By the time it was my turn to share, the younger children had begun to drift off into bored daydreams, but they were all sitting still and quiet, including Nolan. I said, “I prayed for ten years that God would bring me a little Black boy.” (This was very true, and for reasons that I could never explain, I continually felt that our family wouldn’t be complete until God had answered that prayer.)

Suddenly Nolan, who had been sitting in distracted quietness beside me, jumped off of the couch, threw his arms out wide, looked me in the eyes, and proclaimed with a glowing face and a voice that gushed with joy, “The little Black boy came!!!”  

My eyes still fill with tears of happiness as I type out that memory. So much truth and emotion and encouragement and wisdom packed into those words!

God tarried until just the right time; waiting for just the right little Black boy and for just the right moment in our lives. He had been listening to my prayers all through that long decade, but His timing is always perfect.

Today (and anytime in the future), as I wrestle with God’s silence over some very great needs our family is facing, I will remember this. “The little Black boy came!”

Although, personally I love Nolan’s way of speaking this truth, Richard Sibbes, also did a pretty good job of it back in the 16th century.

“To pray properly is not any easy matter. To pour out your heart and soul before God, to believe He hears and will come to help you; to pray in faith and to wrestle with Him; to strive for a blessing and hope against hope; being delayed, yet waiting for Him until He comes; this is exceeding hard to be done. Our ignorance of the nature and methods of God hinders us from praying properly. We have a false image of God and view Him more like one of us, and not as One filling heaven and earth with His majesty and glory. Though He is so good to us, our prayers are weak and cold. We view delays as denials, our faith wavers and we are discouraged and give up.”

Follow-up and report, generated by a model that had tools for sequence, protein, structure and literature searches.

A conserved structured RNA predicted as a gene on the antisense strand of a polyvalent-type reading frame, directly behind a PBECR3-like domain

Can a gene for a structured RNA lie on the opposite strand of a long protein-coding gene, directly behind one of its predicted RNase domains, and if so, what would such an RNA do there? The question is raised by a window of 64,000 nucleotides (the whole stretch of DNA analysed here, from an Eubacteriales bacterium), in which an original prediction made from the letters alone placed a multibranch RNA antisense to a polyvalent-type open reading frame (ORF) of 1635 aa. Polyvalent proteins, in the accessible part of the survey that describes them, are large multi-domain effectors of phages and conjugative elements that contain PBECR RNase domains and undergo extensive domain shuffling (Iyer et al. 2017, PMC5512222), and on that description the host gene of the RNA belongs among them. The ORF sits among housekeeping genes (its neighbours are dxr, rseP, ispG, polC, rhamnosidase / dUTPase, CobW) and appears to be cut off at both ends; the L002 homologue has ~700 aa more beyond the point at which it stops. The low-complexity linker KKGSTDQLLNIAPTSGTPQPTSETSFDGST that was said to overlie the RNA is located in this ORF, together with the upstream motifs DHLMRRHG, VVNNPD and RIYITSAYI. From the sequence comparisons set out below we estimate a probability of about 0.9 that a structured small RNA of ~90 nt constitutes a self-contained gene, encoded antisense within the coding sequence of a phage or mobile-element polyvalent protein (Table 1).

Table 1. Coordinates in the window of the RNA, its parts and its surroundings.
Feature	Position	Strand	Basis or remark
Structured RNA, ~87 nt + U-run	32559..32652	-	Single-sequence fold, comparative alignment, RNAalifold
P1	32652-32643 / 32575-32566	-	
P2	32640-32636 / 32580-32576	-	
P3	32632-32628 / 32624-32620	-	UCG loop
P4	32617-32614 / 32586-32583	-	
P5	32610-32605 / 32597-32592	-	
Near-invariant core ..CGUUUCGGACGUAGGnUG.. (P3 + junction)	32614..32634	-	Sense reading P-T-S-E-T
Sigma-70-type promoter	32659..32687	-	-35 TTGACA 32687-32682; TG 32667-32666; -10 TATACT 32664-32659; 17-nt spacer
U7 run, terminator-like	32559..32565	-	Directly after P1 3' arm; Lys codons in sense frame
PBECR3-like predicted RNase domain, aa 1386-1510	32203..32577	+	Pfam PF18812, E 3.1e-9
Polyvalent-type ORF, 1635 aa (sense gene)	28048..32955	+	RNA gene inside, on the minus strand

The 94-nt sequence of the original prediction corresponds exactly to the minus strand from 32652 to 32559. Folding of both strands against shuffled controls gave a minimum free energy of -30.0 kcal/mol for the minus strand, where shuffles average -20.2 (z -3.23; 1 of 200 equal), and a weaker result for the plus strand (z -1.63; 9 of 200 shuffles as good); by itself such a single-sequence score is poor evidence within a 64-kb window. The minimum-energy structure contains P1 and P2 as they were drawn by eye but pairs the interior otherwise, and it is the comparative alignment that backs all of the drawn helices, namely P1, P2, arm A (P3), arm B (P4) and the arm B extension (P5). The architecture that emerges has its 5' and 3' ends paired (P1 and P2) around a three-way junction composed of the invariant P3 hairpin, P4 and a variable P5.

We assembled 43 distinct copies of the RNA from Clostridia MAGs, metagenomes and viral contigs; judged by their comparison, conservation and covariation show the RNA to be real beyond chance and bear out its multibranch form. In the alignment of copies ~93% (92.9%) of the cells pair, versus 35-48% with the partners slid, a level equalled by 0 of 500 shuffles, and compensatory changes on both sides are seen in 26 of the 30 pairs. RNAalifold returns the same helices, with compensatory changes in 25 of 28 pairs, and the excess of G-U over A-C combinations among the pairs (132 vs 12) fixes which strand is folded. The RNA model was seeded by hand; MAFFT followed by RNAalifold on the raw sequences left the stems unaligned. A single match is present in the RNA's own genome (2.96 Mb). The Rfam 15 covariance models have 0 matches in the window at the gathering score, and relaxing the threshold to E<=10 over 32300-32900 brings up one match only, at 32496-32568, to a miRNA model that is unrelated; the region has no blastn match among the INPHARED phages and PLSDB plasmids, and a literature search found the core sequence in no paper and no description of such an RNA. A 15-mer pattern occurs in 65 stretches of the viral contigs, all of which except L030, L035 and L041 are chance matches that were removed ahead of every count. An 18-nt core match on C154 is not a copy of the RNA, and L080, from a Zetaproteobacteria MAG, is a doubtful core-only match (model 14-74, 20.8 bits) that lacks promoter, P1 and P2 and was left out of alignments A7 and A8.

~ Richard Sibbes (1577–1635)

As we celebrate this one-year anniversary of our first meeting with this remarkable son, and rejoice over his healing and all of the beauty he brings to this family, I will refuse to “view delays as denials.”  I will try harder not to become “discouraged and give up.”

I will wait for God’s answers, and watch for signs that He is hearing me in the silences.

This is our beloved noble one today.


A little photo-journey through Nolan’s first year at home.


Nolan was so proud when he finally learned enough self-control to push a kid-sized grocery cart through the store with me.


Trusting his daddy enough now to let him toss him into the air.


“Nolan paper dolls” made for him by one of his brothers (I LOVE these!)


Such a perfect fit


His first birthday with his new family, surrounded by the love of siblings, nieces, and nephews


A very special visit with a very special Santa


Everyone to court for Nolan’s adoption finalization with our dearly loved Judge Rogers


A family movie night


Bonding with his new family deepened even more as we all temporarily relocated to Knoxville and helped Daddy through his cancer treatments together.

If you are waiting and waiting and waiting for answers to some prayer. Remind yourself today that “the little Black boy came!!”


7 thoughts on “The Little Black Boy Came

  1. This is such a beautiful post. Although I’ve not met Nolan, I’ve prayed for him and God has made me love him from afar. I know his life is and will continue to be an awesome shining example of how the Lord can redeem the most hopeless situations for any of us. I’m so blessed to watch his precious story unfold.

  2. Pingback: The Rhythm of Life | Where Love Learns Its Lessons

  3. What a wonderful beautiful reward for continuing to trust God even when we think we have a no answer

  4. Pingback: Faith as Natural as Breathing | Where Love Learns Its Lessons